Socratic seminars for many teachers are a traditional teaching practice which facilitates an opportunity for students to critically interrogate various genres of text and ideas through a face to face discussion with their peers.  However, with the emergence of new technologies students now have a chance to engage in this critical dialogue in a way which synthesizes formative assessment and technology.

I’m always eager to listen to the discussion from my students on the day of the seminar.  I finally get to hear them think and test their positions on the topics with their peers.  This is the formative assessment opportunity; a chance to listen to student’s current understanding of the topics against the learning target/expectation. Where this process becomes problematic is with the number of students – my class sizes are now 30+ which makes having a meaningful discussion where everyone has an opportunity to contribute very difficult.  Certainly making small groups of approximately five students per group is an option, but then it is impossible to listen to all of their conversations at the same time.  I usually travel from group to group and listen for 5-7 minutes before moving to the next group.  This provides a formative ‘snapshot’ of their learning progress but not a complete picture.

Using technology platforms, such as Moodle forums and others, facilitates this formative dialogue AND it affords a more complete picture of how well your students understand the topics being discussed.  Furthermore, this platform provides students a voice in the discussion which may be difficult to achieve in a face to face seminar with many students.

Here is an example of a recent Moodle seminar from my 9th grade Civics students where the discussion topic surrounds the ‘free exercise’ clause of the First Amendment to the U.S. Constitution.  Students were asked to take and defend a position concerning the following situation and to explain their position:

  1. A Jehovah’s Witness, whose religion opposes war and all activities associated with war, is ordered by his company to work on an assembly line that makes parts for the military.  He quits his job and applies for unemployment benefits.  His application is denied because he did not quit “for good cause.”  He contends that being denied unemployment benefits violates his right to free exercise of religion.  What is your position?  Explain.

Sample student response A:
I believe there are wrong doings on both sides. It is fine for the man to believe in his religion, but there is also the part where he should respect other peoples’ wishes and do his job as an American. If his job needs him to assemble parts for the military, it does not mean that he supports war- only that he is doing his job as an American citizen. Now, for the unemployment benefits, there were also some subjects that may have not been touched on by the people employed to accept the applications. They should know that the man was deeply offended by the task of assembling parts for the military and should have respected that. If a Christian were to be in an assembly line that did not respect their god, I believe it would have been handled differently.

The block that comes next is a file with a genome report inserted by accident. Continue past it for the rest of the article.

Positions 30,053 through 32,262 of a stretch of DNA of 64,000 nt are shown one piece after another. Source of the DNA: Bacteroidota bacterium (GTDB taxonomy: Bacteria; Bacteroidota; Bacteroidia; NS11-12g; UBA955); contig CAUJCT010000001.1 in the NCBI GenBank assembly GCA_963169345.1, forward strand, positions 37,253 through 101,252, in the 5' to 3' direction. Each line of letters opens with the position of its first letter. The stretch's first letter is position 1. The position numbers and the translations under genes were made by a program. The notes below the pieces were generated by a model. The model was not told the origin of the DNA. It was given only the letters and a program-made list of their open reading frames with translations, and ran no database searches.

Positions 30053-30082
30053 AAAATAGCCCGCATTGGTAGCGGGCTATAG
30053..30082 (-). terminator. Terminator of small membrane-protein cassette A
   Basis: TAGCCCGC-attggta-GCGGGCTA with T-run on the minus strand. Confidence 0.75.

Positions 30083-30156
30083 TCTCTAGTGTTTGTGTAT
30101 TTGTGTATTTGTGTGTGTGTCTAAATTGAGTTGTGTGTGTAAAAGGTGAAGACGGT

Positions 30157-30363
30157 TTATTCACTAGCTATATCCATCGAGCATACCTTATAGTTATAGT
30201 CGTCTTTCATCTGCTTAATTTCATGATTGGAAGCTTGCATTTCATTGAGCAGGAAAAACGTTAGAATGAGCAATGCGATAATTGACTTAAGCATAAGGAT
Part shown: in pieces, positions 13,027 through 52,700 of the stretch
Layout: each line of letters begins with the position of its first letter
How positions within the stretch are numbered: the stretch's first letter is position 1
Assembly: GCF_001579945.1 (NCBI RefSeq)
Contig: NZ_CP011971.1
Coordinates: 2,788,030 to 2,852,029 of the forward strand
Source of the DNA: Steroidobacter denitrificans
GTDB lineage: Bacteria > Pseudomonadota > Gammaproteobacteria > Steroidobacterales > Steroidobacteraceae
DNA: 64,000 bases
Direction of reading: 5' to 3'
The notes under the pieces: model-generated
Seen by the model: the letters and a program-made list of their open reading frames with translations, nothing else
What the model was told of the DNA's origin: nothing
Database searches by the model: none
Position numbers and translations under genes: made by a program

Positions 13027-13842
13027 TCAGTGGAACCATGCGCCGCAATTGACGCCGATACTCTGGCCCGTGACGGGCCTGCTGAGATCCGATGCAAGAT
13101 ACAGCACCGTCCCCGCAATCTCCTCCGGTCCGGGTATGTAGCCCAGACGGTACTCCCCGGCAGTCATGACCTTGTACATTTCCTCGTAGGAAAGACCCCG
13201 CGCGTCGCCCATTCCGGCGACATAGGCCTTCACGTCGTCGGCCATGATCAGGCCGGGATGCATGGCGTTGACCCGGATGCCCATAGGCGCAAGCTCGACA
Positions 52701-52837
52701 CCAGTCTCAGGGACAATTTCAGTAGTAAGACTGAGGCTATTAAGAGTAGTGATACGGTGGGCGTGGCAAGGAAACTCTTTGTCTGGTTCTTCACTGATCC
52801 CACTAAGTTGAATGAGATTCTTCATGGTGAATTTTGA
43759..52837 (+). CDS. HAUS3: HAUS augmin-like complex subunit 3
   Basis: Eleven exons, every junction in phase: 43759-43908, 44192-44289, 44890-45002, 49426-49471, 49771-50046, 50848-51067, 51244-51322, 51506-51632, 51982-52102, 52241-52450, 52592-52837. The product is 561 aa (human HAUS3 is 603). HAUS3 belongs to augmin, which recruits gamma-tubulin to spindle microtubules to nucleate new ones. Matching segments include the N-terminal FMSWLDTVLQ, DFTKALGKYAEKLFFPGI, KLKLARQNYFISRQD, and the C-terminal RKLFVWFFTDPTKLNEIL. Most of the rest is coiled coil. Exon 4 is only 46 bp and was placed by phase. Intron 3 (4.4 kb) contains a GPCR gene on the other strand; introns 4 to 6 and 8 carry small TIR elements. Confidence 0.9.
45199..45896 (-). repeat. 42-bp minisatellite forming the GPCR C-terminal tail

Sample student response B:
I think it violates that man’s freedom of religion. He quit his job because he had a moral problem with what he was being asked to do as a part of his job. He made the choice to quit his job, and he has the choice between doing something that he sees as wrong and getting paid or quitting and not being able to support himself.  I think moral conflicts should be a valid reason for resigning from a job, and receiving unemployment benefits. I don’t think that the government should be able to decide what moral or religious issues we have with a given job are valid reasons for resignation; I think that borders on limiting an individual’s freedom of religion.

The students may also reply to the posts from their peers to refute and/or acknowledge a position.  We spend time in class talking about how to disagree with peers without being disagreeable, which mirrors the established protocol of our face-to-face seminars.

Finally, the archived Seminar dialogue can be reviewed and analyzed with students.  This additional formative assessment step in the process provides students a chance to critically reflect on the quality of their discussion so they can make improvements for the future.

The use of Moodle forums in this manner provides an effective synthesis of technology and formative assessment practices.  Certainly other platforms such as blogs will work just as effectively and recently some teachers have used a site called to facilitate a back-channel chat during face-to-face seminars, but the point is that traditional practices and emerging technologies can be brought together with the result often being a better learning experience for our students.